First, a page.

It was recently announced that the UK will be piloting a 4 day work week scheme. This follows successful trial runs by several other countries such as Iceland and New Zealand where productivity increased despite a 20% reduction in working time. The scheme has been initiated by the 4 Day Week campaign and will work in collaboration with researchers from Cambridge, Oxford University, and Boston College, as well as the think tank Autonomy.
The researchers will measure employee productivity across the 4 day work week and compare this to previous rates during the 5 day work week, to see whether employees can be more productive in less time without cutting pay. But perhaps this calls for a deeper dive into the reasons why reducing the working week by a day can improve productivity.
There is something fundamentally wrong if a person can produce more work in 4 days than 5, and this needs looking at in terms of how people are working and motivated to deliver. With more employees than ever dissatisfied with their work-life balance and mental health due to work-related stressors, exploring options that improve workplace wellbeing. Whether that’s offering flexible, remote, or hybrid working, or even adapting to a 4 day work week.
Navigating this issue can be extremely tricky in light of it being an employee-led movement towards a desire for greater flexibility and ownership of their working time. It is another clear reminder that the modern workforce wants to be judged on output, not time at their desk.
What many companies have time and time again failed to realise, is that time spent on a project doesn’t necessarily mean it is of the highest quality. If any hours were spent distracted or moving between separate tasks, the final quality of the piece probably wouldn’t measure up to one that was produced through a couple of hours of sustained effort and focus.
According to Parkinson’s Law, work will expand to fill the time allotted for its completion. It would make sense that if you give an employee just 4 days to complete a job that previously took 5 days, they will be able to complete it in the new timeframe. And there are obvious benefits to this, including potential better work-life balance, less likelihood of burnout, greater longevity in roles, and a lower carbon footprint for UK PLC.
Businesses which struggle to adapt to this measure are likely to be left behind in the employment market. Never has a business’s employee value proposition (EVP) been more important than now. With candidates having more choice than ever and getting to choose jobs that suit their needs, including flexibility of working times, working location, the mission of the business, employer-provided wellness packages, and much more.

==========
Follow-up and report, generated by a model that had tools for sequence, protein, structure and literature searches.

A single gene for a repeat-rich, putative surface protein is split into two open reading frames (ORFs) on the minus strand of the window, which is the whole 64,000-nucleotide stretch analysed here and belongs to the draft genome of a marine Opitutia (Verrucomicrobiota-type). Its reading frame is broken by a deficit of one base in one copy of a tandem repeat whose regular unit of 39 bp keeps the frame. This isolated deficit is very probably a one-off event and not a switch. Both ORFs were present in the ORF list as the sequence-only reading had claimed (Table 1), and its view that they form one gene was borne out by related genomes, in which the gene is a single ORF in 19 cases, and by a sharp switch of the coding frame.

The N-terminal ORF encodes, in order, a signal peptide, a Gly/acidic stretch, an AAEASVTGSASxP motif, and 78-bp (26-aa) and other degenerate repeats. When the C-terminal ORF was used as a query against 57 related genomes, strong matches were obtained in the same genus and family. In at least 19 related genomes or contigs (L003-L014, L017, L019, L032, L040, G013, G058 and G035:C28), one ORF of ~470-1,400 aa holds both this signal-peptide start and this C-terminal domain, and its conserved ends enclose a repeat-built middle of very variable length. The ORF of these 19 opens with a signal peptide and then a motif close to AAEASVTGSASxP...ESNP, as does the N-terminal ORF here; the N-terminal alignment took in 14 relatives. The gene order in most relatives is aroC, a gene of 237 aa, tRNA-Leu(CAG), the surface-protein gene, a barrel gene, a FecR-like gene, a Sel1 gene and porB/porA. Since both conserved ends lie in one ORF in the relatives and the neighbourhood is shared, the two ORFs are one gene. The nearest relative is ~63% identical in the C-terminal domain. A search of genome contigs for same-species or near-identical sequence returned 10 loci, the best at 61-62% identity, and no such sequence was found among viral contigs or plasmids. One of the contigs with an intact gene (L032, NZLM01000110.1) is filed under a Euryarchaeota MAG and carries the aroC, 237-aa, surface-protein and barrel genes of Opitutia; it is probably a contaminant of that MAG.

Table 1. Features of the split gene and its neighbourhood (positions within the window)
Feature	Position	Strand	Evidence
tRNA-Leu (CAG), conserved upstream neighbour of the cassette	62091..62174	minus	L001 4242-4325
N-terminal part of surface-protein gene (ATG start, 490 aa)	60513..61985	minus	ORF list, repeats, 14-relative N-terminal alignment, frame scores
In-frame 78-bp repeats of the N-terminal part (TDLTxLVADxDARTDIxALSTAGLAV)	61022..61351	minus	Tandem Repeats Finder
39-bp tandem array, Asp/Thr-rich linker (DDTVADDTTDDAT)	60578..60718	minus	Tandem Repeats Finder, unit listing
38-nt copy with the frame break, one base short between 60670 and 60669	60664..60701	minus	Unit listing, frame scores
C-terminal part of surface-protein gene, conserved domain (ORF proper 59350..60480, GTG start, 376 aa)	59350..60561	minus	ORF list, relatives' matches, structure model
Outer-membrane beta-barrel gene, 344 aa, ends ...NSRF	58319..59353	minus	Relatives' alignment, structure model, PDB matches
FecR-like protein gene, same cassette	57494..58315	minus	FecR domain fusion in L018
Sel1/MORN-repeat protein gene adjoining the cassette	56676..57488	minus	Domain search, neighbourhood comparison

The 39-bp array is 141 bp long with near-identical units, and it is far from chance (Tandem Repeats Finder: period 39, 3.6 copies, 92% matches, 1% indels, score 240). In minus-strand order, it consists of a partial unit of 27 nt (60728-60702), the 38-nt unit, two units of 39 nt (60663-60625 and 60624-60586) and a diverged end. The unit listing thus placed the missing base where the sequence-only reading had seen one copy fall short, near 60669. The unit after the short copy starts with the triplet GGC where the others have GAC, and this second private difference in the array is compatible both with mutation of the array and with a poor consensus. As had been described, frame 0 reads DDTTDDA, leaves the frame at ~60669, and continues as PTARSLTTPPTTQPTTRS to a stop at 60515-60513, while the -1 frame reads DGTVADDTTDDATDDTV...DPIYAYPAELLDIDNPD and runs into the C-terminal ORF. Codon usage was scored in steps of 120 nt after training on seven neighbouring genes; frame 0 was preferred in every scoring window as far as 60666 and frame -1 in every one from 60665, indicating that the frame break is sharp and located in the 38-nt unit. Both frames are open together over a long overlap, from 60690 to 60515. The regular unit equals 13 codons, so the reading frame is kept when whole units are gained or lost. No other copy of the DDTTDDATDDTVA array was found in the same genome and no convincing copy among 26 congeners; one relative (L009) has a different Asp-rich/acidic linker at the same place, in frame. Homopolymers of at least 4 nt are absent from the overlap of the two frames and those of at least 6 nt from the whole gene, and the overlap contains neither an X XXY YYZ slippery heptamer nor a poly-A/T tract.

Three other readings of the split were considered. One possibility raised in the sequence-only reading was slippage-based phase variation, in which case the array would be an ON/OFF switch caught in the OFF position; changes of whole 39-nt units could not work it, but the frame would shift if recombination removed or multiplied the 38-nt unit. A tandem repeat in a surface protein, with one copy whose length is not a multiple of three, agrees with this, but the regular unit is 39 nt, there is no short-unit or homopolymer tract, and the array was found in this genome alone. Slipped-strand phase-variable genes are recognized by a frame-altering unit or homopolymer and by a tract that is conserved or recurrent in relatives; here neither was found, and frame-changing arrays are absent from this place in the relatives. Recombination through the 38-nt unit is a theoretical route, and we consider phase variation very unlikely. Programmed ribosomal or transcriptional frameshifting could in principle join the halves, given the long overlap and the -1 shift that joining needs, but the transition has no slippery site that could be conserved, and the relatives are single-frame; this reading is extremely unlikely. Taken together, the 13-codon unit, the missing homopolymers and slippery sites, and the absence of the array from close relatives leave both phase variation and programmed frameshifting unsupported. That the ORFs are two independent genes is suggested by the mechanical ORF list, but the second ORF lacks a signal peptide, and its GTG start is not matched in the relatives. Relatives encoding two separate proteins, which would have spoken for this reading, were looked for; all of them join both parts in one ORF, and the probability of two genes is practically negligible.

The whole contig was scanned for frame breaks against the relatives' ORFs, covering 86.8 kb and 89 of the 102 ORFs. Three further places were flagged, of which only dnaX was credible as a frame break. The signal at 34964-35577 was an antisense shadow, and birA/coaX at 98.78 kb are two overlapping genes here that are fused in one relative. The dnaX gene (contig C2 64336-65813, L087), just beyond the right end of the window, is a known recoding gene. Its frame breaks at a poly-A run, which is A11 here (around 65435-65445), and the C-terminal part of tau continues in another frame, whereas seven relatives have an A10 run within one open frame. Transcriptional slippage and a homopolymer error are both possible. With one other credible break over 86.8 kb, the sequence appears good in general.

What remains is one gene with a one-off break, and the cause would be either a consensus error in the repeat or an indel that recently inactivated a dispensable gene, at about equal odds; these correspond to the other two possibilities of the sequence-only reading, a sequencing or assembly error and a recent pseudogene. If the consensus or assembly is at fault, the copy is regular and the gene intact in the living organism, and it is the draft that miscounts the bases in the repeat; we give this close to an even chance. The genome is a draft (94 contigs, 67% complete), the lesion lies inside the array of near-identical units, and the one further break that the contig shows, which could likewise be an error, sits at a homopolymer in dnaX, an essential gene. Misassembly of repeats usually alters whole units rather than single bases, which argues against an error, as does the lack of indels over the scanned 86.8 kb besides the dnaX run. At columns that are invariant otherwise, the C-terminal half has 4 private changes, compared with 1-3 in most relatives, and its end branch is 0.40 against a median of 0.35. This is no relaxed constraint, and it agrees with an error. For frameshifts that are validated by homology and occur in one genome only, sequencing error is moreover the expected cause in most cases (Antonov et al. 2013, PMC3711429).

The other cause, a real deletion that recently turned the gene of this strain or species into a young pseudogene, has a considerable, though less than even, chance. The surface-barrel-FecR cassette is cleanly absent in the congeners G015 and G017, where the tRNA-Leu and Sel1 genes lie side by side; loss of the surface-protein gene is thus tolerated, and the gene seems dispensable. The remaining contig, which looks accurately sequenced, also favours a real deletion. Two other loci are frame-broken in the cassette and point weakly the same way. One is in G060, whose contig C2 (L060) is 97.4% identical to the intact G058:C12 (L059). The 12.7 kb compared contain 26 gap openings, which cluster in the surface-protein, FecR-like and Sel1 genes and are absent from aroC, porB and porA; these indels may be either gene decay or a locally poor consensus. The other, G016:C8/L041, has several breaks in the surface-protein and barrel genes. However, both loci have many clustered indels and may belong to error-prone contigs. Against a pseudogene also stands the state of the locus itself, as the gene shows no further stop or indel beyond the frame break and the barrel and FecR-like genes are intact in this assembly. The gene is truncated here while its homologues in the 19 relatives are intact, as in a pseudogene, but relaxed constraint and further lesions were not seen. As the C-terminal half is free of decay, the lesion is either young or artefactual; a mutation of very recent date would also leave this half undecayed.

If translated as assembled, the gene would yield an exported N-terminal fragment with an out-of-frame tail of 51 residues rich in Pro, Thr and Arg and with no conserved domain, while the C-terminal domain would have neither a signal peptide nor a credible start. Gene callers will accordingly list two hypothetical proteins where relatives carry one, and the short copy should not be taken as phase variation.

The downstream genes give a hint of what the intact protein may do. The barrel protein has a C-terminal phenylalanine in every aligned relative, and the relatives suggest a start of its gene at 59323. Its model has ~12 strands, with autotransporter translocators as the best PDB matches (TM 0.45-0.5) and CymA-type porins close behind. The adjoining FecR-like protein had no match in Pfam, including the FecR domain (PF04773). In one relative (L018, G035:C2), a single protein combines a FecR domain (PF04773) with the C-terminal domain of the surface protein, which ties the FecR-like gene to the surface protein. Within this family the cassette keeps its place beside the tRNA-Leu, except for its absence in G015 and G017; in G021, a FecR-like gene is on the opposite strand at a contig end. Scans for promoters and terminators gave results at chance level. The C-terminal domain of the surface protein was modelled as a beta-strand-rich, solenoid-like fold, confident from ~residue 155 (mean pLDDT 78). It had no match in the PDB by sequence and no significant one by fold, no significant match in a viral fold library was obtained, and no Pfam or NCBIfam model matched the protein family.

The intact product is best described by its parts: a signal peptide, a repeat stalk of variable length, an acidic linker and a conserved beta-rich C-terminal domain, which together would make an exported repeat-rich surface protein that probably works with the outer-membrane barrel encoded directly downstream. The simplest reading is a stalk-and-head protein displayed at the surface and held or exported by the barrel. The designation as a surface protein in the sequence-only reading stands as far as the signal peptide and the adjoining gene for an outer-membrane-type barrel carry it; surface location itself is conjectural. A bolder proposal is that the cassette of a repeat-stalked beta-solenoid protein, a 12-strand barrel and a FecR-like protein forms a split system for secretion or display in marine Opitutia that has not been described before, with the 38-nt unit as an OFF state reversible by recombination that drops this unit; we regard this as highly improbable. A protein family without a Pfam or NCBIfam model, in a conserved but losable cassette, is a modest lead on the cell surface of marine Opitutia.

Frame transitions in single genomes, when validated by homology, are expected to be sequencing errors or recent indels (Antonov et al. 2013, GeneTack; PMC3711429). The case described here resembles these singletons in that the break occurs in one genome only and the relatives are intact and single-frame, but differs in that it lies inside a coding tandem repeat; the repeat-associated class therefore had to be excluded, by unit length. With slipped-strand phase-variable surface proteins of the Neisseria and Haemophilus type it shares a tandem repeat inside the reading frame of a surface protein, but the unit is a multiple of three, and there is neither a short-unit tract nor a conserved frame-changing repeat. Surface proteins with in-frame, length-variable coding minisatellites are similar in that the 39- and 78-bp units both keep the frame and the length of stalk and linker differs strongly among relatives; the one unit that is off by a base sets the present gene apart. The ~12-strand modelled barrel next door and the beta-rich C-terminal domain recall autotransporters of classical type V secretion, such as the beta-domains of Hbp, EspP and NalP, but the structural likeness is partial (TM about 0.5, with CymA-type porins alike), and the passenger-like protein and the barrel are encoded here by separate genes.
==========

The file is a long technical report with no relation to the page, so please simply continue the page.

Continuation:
It’s vital that we find a balance between maximising productivity for the benefit of businesses, the economy and employee health. Burnout can be reduced within the workplace by ensuring that there is an end goal in sight for employees and by breaking down projects into manageable and attainable chunks. It’s not just workload that has to be considered, but the overall culture of the work environment and the way in which projects are managed.
Furthermore, not all industries will be able to participate in the four-day week trial due to the way they work and how processes are set up. Because of this, there is also the potential to widen existing inequalities, as those working in manual industries are assessed based on time spent at work. This means that those working in manual jobs will continue to be assessed in this way rather than output due to the constraints of manual labour. For example, a bus driver can only be paid based on the time spent working. The bus routes take a certain amount of time to complete and they work in shifts, their productivity is not measured by how much they produce.
The key is to conduct research across a variety of sectors and test which systems improve employee productivity and performance the most, without forgetting that the employee is in fact human and can sometimes be affected by external factors.
Ultimately, the 4 day work week pilot is an experiment. Businesses should do what is best for their business on a financial level whilst also considering their employees. Within some industries, implementing the scheme has been found to be less profitable as employees couldn’t meet the demands at work within the time constraints. In this case, other opportunities to give employees more flexibility could perhaps be explored.
There are always opportunities to be more productive at work, whether that’s eliminating small talk and use of phones in the morning to allow employees to do deep work in flow state, or shortening meetings to the absolute essentials, there isn’t a one size fits all approach.